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Legion hopes to revive history of First World War with launch of poppy campaign

Hon. Lt. Col. Colin Robinson receives his poppy in a ceremonial pinning, Friday, October 28, 2016.
Hon. Lt. Col. Colin Robinson receives his poppy in a ceremonial pinning, Friday, October 28, 2016. . Kelly Greig/Global News

The ceremonial poppy pinning is an annual traditional for Branch 14 of the Royal Canadian Legion.

Veterans, both old and young, as well as dignitaries kicked off the drive to officially launch the poppy campaign.

In recent years, the iconic flower has grown in popularity.

“In the last ten years, we’ve seen an increase in people getting poppies, but [also] in people attending Remembrance Day ceremonies,” said Hon. Lt. Col. Colin Robinson.

READ MORE: #Poppyproud encourages Montreal youth to celebrate Remembrance Day

This year marks a special anniversary for the Montreal regiment and the Armed Forces.

A century ago, nearly 25,000 Canadians and Newfoundlanders were killed in the historic Battle of the Somme.

While the story is remembered in the history books, it’s often forgotten otherwise.

“The perception is pretty dim of people’s memories of the First World War,” said Robinson.

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“They think of trenches, rats and mud, but what people fail to understand is, given how difficult it was, what Canadians and Newfoundlanders managed to contribute was far beyond what was expected of them.”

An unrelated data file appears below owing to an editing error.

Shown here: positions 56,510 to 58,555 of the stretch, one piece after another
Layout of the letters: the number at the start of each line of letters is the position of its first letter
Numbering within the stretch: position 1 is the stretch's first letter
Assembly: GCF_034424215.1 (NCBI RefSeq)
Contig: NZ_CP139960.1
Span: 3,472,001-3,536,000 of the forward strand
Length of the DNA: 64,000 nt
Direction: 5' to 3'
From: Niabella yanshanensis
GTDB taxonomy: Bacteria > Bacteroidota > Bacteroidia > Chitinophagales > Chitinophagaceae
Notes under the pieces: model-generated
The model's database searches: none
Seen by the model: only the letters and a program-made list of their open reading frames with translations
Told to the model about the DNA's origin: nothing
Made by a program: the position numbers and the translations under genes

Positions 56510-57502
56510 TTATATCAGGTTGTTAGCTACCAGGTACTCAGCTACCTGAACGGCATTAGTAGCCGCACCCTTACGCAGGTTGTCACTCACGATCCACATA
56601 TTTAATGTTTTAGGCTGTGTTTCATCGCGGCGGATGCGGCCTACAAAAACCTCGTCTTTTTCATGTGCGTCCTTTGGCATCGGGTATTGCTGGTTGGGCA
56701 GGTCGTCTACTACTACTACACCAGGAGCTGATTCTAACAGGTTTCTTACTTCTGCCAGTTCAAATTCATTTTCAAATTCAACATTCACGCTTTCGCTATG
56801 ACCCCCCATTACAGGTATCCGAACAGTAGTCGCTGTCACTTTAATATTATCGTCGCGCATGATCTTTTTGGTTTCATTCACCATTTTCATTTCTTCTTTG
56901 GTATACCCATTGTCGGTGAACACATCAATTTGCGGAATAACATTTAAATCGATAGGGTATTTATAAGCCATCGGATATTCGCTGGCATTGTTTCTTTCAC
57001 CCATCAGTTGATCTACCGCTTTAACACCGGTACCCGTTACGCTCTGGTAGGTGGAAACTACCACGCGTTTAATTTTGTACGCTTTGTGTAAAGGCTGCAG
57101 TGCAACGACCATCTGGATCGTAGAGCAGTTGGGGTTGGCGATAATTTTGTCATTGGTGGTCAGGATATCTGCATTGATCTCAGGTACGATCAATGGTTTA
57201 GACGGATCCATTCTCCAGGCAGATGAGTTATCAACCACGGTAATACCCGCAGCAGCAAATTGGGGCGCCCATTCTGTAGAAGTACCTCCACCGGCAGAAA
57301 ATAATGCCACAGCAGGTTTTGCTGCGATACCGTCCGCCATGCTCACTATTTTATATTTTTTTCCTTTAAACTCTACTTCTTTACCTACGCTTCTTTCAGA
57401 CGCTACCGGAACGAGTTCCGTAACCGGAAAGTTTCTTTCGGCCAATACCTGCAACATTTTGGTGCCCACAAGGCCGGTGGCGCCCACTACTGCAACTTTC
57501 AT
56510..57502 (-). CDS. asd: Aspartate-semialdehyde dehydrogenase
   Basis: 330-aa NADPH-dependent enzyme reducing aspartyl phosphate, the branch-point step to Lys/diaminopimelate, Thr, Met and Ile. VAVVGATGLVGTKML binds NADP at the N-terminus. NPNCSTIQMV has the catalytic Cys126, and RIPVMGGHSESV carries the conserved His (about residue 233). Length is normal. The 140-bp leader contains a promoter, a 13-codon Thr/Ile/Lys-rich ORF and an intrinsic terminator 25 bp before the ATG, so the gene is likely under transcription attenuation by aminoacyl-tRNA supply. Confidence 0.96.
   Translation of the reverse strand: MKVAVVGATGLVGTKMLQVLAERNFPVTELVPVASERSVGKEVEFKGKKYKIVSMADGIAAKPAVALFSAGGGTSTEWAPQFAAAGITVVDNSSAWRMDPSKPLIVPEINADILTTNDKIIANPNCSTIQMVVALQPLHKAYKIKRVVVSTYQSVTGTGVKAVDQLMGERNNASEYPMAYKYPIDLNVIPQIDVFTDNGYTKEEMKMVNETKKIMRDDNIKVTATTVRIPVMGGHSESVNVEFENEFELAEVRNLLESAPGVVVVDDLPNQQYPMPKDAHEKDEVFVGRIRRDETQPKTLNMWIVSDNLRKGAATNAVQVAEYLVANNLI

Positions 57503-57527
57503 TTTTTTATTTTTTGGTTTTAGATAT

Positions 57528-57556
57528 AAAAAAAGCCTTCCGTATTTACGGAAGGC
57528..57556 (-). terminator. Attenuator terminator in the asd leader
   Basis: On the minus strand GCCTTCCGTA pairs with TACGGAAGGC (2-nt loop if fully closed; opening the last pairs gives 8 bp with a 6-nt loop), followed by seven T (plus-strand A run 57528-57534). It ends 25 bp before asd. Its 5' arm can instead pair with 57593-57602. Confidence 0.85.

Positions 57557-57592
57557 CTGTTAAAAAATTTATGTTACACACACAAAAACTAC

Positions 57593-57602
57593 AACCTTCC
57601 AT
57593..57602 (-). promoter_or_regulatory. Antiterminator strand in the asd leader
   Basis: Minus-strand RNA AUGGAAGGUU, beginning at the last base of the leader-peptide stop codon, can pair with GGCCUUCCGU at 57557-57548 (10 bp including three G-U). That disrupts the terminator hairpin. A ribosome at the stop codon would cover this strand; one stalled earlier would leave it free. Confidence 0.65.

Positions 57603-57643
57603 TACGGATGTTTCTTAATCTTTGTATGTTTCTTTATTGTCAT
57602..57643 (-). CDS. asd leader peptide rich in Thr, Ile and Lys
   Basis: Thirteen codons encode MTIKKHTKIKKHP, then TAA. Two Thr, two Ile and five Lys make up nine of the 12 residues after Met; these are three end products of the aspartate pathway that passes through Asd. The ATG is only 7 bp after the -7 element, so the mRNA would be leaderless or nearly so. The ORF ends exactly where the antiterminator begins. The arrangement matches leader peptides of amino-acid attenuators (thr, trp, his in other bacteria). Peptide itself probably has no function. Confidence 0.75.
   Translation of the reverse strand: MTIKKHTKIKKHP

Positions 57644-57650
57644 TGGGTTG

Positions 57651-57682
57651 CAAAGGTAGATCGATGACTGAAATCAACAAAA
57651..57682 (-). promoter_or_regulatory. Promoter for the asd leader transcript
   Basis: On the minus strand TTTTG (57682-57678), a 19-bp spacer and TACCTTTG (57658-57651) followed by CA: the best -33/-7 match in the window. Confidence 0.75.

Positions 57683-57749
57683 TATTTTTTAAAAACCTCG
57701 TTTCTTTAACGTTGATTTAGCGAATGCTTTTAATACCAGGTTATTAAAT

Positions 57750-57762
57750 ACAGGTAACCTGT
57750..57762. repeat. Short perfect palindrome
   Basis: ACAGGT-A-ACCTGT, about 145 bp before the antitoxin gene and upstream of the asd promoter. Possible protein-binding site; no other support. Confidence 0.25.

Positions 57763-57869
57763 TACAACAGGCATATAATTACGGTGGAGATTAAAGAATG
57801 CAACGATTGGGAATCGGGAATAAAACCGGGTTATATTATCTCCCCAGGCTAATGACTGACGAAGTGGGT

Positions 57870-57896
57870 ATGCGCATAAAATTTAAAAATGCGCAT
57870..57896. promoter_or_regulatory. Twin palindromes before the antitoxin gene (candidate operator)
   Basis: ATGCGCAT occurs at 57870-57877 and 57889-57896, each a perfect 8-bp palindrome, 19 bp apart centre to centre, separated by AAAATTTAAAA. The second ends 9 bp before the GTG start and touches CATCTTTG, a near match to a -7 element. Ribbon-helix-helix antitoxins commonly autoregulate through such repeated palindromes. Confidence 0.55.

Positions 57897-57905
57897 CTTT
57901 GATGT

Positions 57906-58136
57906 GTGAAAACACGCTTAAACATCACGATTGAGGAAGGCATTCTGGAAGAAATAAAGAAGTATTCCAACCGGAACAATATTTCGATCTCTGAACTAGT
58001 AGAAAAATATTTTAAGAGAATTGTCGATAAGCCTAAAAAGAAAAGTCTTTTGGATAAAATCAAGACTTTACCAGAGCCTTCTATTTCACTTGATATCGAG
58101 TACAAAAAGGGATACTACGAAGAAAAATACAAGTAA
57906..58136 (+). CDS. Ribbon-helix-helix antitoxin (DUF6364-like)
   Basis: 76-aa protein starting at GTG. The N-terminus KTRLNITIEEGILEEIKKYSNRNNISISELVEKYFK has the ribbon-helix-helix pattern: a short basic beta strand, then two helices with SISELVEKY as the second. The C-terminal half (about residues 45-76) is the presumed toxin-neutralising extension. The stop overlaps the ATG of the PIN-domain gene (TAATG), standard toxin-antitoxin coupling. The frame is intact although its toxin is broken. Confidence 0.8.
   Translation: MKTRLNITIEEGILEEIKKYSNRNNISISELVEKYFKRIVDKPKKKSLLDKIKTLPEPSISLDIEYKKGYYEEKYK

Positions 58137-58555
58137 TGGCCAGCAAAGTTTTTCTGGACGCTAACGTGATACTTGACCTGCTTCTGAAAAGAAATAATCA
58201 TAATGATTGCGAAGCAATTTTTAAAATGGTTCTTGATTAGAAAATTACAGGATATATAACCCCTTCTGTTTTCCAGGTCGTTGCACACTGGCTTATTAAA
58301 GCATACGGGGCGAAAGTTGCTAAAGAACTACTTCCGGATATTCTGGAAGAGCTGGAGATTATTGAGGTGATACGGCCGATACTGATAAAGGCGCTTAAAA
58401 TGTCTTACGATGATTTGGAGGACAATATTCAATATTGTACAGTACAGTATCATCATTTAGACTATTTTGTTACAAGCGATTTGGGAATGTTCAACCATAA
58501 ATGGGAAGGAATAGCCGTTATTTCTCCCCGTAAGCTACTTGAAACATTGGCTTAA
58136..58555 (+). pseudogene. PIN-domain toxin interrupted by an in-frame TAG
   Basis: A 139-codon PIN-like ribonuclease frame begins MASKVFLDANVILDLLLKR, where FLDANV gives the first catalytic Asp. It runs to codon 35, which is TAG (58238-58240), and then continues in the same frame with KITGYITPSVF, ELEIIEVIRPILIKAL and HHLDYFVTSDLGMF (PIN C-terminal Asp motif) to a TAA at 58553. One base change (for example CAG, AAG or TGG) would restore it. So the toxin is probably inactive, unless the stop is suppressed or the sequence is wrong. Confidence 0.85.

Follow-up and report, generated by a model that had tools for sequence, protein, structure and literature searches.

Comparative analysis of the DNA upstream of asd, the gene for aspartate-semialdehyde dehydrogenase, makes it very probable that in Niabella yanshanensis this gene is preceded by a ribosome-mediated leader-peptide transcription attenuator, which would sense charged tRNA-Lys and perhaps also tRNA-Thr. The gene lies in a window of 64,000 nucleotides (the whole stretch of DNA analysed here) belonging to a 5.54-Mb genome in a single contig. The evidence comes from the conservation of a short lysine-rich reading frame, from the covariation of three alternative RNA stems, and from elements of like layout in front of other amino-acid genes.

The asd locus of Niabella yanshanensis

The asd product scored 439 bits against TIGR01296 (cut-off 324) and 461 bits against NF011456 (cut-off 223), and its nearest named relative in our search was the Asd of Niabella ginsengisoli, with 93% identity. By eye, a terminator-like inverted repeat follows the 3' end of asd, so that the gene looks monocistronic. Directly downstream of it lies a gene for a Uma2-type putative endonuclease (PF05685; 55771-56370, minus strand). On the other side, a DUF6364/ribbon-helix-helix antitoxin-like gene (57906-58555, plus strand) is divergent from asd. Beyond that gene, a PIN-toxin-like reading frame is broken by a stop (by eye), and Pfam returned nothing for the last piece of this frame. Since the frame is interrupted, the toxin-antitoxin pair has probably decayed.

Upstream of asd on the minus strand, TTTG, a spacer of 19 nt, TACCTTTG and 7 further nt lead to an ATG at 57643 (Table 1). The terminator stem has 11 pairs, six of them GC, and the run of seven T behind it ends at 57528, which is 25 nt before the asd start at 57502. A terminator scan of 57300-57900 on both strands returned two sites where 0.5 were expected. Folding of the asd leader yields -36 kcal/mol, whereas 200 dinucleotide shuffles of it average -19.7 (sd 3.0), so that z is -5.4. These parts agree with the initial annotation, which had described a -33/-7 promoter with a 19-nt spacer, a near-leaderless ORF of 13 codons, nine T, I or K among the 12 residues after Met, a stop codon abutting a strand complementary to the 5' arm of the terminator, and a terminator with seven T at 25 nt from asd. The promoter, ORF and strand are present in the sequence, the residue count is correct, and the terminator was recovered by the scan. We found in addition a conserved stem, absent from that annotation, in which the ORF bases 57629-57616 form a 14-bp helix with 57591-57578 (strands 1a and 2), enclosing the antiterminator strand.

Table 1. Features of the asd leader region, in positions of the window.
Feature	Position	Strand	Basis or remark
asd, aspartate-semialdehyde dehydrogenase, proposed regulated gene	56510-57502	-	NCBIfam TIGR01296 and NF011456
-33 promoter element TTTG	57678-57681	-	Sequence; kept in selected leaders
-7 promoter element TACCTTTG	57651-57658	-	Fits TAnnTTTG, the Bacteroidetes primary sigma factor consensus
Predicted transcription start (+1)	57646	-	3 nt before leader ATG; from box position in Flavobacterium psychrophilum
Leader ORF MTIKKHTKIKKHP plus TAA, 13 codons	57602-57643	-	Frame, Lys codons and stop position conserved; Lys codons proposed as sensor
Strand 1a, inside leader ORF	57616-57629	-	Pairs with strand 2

READ MORE: Poppy donation theft at Montreal’s Jewish General Hospital

It also marked the beginning of the First Montreal Regiment, which was the first time in Canadian history that English and French fought together.

“Many people say that was the birth of our country,” said Transport Minister Marc Garneau, who took part in the ceremony.

“Canada was making a major contribution in the First World War and it’s important to remind them.”

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While many remember the Second World War and more recent combat missions, this regiment is trying to keep those older stories alive.

“Unfortunately, our school system in Quebec doesn’t teach that,” said Robinson.

“It brushes over the First World War very generally. People understand it’s important and significant, they respect it but I’m not sure they know why.”